Announcing the change in 2017, then Immigration Minister, Brandon Lewis, praised the return to the “iconic” blue-and-gold design, first used in 1921.
The new colour will be phased in over a number of months, with all new passports issued in blue by the middle of the year.
Existing burgundy passports will continue to be valid.
5. Brexit coins
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The coins had to be re-made after Brexit was delayed
About three million commemorative 50p Brexit coins bearing the date “31 January” and the inscription: “Peace, prosperity and friendship with all nations”, will enter circulation on Friday.
The coin has received a mixed reaction, with some Remain supporters saying they will refuse to accept it.
The government had planned to introduce a similar coin on 31 October, the date Brexit was previously meant to happen.
However, those coins had to be melted down and recycled after the deadline was extended.
6. The UK’s Brexit department shuts down
The team that handled the UK-EU negotiations and no-deal preparations will disband on Brexit day.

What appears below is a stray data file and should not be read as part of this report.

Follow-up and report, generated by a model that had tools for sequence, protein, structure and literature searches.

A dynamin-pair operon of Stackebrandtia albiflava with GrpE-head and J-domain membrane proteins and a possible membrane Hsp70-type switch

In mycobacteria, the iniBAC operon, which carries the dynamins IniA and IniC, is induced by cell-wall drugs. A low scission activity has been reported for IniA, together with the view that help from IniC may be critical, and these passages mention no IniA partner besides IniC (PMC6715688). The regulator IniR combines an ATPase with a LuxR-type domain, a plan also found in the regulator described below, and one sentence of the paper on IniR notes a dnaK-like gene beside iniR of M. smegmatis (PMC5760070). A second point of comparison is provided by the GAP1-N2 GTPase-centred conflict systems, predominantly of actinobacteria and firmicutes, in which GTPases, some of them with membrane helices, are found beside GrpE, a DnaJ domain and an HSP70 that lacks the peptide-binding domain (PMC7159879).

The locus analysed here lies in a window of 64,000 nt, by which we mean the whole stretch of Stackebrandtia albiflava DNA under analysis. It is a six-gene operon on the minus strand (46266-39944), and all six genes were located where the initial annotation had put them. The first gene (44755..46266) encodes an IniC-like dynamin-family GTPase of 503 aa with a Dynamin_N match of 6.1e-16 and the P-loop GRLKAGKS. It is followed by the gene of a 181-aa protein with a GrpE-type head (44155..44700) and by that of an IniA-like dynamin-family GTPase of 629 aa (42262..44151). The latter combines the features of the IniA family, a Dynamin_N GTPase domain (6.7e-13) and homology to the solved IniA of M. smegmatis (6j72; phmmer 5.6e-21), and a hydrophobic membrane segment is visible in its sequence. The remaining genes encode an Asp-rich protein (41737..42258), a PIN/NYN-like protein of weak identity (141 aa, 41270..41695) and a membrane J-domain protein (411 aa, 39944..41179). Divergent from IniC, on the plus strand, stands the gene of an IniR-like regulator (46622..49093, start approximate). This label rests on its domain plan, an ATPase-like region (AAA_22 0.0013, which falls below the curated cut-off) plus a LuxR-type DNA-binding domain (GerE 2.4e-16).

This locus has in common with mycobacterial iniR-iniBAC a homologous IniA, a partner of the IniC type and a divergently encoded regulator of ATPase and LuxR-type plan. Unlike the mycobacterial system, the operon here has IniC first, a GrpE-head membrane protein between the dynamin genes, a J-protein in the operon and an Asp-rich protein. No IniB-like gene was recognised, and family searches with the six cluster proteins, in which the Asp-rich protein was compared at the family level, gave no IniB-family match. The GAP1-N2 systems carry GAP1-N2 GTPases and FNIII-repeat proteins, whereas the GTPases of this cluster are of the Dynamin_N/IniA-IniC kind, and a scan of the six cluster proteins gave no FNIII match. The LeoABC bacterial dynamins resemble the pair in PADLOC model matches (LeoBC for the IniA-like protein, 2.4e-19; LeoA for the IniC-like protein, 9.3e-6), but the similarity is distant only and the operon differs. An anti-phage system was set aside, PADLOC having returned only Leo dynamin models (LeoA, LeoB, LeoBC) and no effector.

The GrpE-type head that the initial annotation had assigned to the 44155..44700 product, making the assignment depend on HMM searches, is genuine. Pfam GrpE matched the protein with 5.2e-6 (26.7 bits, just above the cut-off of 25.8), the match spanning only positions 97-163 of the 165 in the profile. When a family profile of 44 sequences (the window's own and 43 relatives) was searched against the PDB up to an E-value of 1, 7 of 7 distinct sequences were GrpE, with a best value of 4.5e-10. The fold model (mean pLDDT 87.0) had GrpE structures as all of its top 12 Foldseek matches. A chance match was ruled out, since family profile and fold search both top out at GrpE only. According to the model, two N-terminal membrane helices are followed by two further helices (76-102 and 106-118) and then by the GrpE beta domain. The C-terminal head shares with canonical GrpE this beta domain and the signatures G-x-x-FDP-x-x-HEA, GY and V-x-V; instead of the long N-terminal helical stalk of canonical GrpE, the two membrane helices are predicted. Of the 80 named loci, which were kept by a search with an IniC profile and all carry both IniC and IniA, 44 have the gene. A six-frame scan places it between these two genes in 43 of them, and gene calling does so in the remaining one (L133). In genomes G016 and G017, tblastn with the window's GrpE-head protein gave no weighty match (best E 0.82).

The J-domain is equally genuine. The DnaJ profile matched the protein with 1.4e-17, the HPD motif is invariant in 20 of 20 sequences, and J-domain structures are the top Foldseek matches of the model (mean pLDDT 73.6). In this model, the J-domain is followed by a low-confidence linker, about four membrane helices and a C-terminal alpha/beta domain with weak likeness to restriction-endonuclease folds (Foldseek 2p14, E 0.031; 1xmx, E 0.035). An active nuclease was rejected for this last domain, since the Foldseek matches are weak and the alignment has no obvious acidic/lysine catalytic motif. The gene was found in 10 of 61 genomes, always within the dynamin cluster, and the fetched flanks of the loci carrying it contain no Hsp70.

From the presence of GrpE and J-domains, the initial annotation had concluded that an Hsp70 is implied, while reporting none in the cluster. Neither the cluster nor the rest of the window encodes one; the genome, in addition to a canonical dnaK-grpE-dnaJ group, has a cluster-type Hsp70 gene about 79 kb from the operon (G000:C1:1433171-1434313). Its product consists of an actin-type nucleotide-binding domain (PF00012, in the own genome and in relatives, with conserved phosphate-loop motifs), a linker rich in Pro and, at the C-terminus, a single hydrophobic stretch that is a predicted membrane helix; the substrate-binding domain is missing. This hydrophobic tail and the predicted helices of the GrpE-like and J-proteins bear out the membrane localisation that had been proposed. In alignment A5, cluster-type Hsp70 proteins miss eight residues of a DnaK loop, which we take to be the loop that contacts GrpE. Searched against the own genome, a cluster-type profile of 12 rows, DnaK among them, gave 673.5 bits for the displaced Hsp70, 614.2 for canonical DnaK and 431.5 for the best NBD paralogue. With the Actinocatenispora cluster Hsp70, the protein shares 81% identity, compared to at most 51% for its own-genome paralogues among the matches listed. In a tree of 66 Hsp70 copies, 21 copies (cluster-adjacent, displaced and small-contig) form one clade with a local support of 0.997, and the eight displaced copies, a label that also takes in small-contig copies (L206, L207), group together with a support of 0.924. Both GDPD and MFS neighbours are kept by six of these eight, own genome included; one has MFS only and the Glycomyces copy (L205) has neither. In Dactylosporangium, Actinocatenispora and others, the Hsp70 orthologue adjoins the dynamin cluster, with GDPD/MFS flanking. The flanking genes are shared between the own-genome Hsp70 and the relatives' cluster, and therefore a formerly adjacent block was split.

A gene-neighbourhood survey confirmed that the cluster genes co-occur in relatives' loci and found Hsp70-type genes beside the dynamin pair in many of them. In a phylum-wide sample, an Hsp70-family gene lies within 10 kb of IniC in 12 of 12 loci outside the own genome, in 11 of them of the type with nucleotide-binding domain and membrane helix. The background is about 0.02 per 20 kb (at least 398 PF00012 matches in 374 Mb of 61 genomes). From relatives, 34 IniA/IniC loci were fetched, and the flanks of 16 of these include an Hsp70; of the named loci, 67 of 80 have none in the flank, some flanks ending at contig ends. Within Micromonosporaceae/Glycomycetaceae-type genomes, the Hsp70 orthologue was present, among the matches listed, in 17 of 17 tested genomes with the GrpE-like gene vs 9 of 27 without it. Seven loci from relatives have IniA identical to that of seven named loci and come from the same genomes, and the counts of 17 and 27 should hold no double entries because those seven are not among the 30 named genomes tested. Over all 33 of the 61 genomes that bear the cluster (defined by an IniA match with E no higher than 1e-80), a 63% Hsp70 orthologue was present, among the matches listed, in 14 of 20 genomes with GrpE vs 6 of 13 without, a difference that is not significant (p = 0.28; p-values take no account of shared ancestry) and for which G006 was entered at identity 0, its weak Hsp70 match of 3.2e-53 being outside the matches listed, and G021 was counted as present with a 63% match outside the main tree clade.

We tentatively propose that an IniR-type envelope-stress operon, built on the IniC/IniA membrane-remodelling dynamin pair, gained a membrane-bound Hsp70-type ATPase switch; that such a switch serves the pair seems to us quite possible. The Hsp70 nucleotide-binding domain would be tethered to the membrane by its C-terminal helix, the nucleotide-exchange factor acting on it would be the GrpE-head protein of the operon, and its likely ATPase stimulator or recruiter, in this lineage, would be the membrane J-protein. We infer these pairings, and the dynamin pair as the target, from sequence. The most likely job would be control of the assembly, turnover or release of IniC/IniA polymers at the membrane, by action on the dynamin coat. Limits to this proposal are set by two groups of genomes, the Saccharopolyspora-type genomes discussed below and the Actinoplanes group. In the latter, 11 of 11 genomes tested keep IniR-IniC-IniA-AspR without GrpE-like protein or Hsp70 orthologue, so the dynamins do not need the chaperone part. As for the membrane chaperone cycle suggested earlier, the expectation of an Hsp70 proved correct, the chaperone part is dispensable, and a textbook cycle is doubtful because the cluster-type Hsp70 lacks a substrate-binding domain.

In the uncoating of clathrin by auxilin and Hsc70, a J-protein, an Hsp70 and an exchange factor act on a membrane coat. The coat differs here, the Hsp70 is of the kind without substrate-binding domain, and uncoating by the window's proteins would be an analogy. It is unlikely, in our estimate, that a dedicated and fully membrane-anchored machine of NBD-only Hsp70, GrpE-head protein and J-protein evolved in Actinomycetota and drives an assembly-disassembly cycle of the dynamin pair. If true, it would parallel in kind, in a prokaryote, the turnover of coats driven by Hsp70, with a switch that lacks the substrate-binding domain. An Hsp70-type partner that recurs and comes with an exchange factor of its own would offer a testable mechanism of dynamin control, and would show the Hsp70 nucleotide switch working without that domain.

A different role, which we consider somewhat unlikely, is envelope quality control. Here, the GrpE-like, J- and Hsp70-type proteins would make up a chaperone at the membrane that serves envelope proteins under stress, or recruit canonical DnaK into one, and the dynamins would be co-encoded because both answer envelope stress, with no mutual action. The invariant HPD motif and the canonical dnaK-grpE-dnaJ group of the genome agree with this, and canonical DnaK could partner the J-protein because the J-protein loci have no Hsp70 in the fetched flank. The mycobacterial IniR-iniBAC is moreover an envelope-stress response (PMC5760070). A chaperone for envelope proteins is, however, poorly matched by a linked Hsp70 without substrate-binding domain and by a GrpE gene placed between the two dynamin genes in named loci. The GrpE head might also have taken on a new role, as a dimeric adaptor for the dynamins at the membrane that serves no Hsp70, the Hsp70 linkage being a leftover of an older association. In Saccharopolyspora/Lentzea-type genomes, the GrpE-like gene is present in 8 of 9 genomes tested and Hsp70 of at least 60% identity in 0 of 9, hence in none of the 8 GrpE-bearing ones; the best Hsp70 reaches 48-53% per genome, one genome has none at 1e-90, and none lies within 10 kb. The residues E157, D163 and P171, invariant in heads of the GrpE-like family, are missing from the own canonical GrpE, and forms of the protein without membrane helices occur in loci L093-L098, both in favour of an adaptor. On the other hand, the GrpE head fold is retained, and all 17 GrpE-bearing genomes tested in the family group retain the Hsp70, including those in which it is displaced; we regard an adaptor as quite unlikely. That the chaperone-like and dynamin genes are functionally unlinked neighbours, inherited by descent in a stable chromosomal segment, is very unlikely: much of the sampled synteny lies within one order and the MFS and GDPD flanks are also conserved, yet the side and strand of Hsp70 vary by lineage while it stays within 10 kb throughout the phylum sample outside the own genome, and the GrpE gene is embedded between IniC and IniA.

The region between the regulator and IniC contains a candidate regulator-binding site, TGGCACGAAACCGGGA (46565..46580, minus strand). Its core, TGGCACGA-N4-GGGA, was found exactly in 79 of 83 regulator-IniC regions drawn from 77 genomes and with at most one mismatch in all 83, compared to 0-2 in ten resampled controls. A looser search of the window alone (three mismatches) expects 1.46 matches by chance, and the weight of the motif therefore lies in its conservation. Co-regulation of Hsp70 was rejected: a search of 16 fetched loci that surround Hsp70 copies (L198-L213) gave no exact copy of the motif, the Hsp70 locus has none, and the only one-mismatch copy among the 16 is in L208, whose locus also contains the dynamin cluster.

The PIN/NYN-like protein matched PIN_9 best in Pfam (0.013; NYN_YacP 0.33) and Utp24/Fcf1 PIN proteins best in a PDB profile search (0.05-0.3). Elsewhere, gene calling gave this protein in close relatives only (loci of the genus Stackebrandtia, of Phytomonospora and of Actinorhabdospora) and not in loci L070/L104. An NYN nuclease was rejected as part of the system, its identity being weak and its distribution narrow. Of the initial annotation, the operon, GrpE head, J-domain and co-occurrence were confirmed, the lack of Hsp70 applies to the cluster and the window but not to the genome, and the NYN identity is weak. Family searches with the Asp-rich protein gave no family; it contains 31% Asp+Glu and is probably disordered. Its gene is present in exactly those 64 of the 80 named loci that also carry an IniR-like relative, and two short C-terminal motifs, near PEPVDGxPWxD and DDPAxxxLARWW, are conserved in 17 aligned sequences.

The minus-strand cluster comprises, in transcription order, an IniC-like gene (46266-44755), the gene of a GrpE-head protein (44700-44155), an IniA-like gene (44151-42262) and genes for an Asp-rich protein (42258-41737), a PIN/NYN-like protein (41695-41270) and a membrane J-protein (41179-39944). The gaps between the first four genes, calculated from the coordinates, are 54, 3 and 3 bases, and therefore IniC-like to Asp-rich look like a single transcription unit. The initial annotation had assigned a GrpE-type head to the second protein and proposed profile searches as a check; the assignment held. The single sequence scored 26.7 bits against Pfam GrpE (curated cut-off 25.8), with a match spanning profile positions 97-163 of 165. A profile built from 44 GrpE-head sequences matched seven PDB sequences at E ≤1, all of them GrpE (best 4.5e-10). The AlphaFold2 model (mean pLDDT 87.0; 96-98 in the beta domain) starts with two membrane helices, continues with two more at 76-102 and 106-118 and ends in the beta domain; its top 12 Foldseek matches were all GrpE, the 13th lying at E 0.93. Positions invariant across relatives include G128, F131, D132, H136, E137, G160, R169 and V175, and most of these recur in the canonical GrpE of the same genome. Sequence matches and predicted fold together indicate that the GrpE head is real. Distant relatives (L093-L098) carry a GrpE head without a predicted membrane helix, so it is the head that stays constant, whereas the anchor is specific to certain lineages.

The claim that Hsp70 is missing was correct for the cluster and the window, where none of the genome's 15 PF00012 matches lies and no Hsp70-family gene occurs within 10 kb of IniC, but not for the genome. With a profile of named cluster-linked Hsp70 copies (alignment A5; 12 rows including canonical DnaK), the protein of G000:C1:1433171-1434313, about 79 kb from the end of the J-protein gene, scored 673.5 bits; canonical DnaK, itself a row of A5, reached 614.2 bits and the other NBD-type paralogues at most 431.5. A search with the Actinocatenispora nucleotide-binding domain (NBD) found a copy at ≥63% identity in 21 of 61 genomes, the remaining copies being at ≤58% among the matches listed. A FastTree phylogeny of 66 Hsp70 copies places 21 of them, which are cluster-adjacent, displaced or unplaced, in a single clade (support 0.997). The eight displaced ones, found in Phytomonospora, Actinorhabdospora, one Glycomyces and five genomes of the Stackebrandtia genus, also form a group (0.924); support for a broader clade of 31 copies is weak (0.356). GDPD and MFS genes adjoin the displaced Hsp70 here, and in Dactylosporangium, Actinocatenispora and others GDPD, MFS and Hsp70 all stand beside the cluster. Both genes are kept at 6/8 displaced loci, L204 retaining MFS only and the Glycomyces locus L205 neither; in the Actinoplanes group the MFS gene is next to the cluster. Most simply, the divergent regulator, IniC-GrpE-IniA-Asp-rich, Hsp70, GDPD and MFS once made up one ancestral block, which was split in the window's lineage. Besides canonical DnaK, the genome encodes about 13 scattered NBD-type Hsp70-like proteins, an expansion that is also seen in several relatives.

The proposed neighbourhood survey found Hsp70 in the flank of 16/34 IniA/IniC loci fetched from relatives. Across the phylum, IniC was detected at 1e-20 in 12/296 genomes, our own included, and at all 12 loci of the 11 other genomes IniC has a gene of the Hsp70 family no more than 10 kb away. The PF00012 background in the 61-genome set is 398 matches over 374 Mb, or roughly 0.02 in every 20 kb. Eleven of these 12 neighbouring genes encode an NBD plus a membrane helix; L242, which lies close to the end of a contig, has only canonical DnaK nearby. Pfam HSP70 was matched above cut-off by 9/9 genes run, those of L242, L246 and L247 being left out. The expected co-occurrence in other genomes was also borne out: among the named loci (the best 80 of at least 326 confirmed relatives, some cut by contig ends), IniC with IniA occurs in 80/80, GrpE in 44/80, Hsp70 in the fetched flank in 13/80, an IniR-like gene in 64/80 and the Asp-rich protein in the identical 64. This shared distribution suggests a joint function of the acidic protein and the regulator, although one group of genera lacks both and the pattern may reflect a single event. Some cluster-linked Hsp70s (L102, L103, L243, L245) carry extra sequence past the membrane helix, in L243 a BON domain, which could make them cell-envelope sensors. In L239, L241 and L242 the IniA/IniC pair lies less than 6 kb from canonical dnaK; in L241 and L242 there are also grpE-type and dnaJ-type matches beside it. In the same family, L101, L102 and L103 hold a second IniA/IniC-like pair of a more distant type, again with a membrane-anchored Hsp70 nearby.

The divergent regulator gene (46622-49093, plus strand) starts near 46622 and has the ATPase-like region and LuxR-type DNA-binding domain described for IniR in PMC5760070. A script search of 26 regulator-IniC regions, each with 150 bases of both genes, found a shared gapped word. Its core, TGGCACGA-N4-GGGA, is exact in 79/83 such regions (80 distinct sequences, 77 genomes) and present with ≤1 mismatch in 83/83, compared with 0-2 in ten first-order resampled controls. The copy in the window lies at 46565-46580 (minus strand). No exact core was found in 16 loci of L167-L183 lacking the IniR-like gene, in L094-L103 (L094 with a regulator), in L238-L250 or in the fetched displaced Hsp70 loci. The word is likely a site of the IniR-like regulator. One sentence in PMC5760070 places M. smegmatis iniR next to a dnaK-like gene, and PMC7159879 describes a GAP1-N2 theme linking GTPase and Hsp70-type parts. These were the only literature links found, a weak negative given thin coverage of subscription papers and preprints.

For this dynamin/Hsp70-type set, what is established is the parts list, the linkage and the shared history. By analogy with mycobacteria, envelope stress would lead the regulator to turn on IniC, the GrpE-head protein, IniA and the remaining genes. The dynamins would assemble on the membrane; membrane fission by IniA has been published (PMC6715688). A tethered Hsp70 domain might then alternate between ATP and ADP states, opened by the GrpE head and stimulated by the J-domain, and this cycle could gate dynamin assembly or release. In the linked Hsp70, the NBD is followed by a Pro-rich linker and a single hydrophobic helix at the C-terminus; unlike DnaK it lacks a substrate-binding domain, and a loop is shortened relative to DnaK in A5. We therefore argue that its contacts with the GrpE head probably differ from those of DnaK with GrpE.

The Department for Exiting the European Union was set up by former Prime Minister Theresa May in 2016.
For the upcoming talks, the UK’s negotiating team will be based in Downing Street.
7. Germany won’t extradite its citizens to the UK
It won’t be possible for some suspected criminals to be brought back to the UK if they flee to Germany.
Germany’s constitution does not allow its citizens to be extradited, unless it’s to another EU country.
“This exception cannot apply anymore after the UK has left EU,” a spokesman from the German Federal Ministry of Justice told BBC News.
It’s unclear if the same restrictions will apply to other countries. Slovenia, for example, says the situation is complicated, while the European Commission was unable to provide comment.
The UK Home Office says the European Arrest Warrant will continue to apply during the transition period. (That means Germany will be able to extradite non-German citizens.)